Tag Archives: Ana Lily Amirpour

LIST CANDIDATE: THE BAD BATCH (2016)

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DIRECTED BY:

FEATURING: Suki Waterhouse, Jason Momoa, ,

PLOT: Exiled as an undesirable, a woman finds herself escorted to the wrong side of the border fence where she is abducted by a society of iron-pumping people-eaters; escaping after some heavy bodily losses, she finds the closest thing to a utopian village this side of the scorched wasteland.

Still from The Bad Batch (2016)

WHY IT SHOULD MAKE THE LIST: In the follow-up to her debut hit, A Girl Walks Home Alone at Night, director Ana Amirpour imbues the harsh, sun-drenched world of The Bad Batch with the same dreamy otherness found in her nocturnal black and white feature. An oddly appropriate New Wave soundtrack underscores the joie de vivre that the exiles somehow maintain, while things get good and weird with a ’70s drug-dealer-style Keanu Reeves as the king of Comfort and Jim Carrey’s non-speaking, desert-wandering vagrant oddball. Also in the mix: cannibalism, Keanu-speechifying, and an LSD Eucharist.

COMMENTS: Upon its release, most reviewers dismissed The Bad Batch as a bad movie. 43% “Fresh” at Rotten Tomatoes, an IMDB featured user review railing on about its overall crumminess, and the movie was some several million shy of recouping its six-million-dollar budget. Washed upon our shores because of a quick release on Netflix and DVD, it would seem a hopeless case. It is not. The Bad Batch is one of the more novel films to have come out in a while. Bringing together elements of dystopian allegory and post-apocalyptic survivor story (sans actual apocalypse), it takes the difficult path of providing no backstory. Only as the movie unfolds does the bizarre reality start making (some) sense—albeit with heavy doses of strange circumstance and stranger characters.

We get our only glimpse of “civilized” society during the opening credits. Young Arlen (Suki Waterhouse) is tattooed behind the ear with “BB5040” and then shunted through a massive border fence with a sign outside that advises, “Beyond this fence is no longer the territory of Texas […] Good luck.” Almost immediately, she’s nabbed by a pair of muscle-bound bandits on a speeding golf cart and finds herself a prisoner in the shanty-est of shanty-towns. Relieved of both her right arm and leg to feed the locals, she hatches a clever escape: downing a bandit with an iron rod, she slides out of town on a skateboard. Picked up by a vagrant with a shopping cart, she’s dropped off in “Comfort,” where she finds… comfort, but no purpose. She only evolves after taking acid at a town rave hosted by Comfort’s ruler, a man credited as “The Dream,” played with jaundiced silkiness by Keanu Reeves.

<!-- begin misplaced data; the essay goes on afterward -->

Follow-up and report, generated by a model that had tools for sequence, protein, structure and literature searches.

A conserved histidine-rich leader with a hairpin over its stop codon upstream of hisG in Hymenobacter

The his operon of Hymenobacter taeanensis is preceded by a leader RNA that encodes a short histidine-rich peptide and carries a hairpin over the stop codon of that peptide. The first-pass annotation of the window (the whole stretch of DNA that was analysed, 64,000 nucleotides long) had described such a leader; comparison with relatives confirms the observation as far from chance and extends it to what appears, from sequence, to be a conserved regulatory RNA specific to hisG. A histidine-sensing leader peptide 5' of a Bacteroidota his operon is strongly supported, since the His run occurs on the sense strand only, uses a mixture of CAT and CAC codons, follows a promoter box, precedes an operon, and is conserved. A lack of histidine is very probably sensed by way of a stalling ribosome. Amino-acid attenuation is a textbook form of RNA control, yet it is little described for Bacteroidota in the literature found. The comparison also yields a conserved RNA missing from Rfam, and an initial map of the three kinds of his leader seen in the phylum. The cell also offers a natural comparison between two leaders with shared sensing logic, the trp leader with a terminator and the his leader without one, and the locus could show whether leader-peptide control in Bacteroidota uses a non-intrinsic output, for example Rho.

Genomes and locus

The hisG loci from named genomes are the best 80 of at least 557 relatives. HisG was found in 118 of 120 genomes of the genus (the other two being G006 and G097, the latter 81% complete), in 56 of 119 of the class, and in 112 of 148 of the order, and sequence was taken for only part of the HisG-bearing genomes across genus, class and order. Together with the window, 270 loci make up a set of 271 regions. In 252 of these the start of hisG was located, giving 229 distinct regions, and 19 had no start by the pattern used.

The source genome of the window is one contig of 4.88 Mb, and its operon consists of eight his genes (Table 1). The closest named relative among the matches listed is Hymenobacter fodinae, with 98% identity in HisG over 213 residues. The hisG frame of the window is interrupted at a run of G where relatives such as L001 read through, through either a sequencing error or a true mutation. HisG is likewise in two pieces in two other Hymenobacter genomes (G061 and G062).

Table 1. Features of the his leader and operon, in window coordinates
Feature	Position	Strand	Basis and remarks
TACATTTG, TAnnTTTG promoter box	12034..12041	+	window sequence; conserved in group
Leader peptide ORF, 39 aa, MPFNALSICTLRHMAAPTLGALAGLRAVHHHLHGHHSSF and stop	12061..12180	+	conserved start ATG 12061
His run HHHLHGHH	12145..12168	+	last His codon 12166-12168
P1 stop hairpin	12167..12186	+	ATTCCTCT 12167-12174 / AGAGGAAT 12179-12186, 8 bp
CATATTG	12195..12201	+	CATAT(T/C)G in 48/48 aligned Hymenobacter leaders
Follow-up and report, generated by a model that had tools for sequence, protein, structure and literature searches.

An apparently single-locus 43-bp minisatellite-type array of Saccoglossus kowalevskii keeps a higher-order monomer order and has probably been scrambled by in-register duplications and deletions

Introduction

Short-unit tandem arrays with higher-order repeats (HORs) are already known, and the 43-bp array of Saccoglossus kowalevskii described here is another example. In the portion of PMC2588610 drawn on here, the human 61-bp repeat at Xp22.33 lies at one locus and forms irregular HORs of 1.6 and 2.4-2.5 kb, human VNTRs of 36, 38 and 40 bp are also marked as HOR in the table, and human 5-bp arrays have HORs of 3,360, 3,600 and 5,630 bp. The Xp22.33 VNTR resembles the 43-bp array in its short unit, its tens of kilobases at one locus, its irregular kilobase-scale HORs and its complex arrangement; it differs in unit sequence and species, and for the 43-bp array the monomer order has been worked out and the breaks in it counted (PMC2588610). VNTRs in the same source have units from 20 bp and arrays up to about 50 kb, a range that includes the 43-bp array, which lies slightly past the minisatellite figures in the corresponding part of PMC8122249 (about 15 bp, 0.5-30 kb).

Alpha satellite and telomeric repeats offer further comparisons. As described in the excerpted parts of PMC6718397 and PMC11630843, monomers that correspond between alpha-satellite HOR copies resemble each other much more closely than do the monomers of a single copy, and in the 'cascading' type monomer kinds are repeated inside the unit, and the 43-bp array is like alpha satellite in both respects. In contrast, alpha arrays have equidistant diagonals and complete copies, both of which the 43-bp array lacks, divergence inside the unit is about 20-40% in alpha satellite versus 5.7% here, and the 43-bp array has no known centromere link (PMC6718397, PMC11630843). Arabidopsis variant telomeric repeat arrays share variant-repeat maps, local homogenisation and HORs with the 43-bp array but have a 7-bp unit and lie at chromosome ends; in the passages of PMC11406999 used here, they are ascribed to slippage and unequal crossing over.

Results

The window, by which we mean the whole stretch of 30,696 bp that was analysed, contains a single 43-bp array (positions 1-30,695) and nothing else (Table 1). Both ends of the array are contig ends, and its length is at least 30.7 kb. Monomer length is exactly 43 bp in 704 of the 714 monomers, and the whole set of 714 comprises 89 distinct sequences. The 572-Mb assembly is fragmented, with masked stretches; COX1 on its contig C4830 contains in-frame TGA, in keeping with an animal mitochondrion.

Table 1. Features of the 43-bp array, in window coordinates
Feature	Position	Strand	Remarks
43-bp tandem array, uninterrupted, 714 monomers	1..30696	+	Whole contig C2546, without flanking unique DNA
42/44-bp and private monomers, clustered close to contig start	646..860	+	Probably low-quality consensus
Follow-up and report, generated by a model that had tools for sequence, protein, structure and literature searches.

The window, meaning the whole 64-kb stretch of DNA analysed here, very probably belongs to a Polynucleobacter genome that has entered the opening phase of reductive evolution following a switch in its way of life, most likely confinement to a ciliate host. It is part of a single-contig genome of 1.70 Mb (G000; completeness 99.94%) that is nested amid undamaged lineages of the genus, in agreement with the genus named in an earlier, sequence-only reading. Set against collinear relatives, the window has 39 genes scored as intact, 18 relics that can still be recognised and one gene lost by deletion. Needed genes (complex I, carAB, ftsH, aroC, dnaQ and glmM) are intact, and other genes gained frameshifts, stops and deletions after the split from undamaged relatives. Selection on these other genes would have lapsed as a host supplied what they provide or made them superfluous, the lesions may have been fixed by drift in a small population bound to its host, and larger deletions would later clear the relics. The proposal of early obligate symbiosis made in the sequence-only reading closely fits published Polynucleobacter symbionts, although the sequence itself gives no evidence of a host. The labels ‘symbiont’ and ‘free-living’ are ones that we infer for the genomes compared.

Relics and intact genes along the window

The blazing sun of the south-of-Texas desert blinds by day, and the clear skies at night heighten Arlen’s spirit journey as she stumbles into the desert looking for purpose. The engine of the story is, in a way, revenge. She encounters one of her captors (and the captor’s daughter) sifting through a landfill, and the subsequent act of murder ironically forces Arlen to take responsibility for the daughter’s life. The cannibal society lives to pump iron, while Comfort’s society lives for pleasure and self-realization. Even in the wasteland, there is a stark divide between the “haves” and the “have-nots”. Things come to a head when “Miami Man” (Jason Momoa), tattoo and sketch artist, body-builder, butcher, and father, begins his hunt for his missing daughter. Drizzled throughout this sun-and-star-soaked drama are bizarre, eyebrow raising details: a “Jizzy-Fizzy” soda machine, pregnant machine-gun-toting  bodyguards, the solemn trade of a snow-globe, and the Dream’s illuminating question to the daughter: “Is this your rabbit?”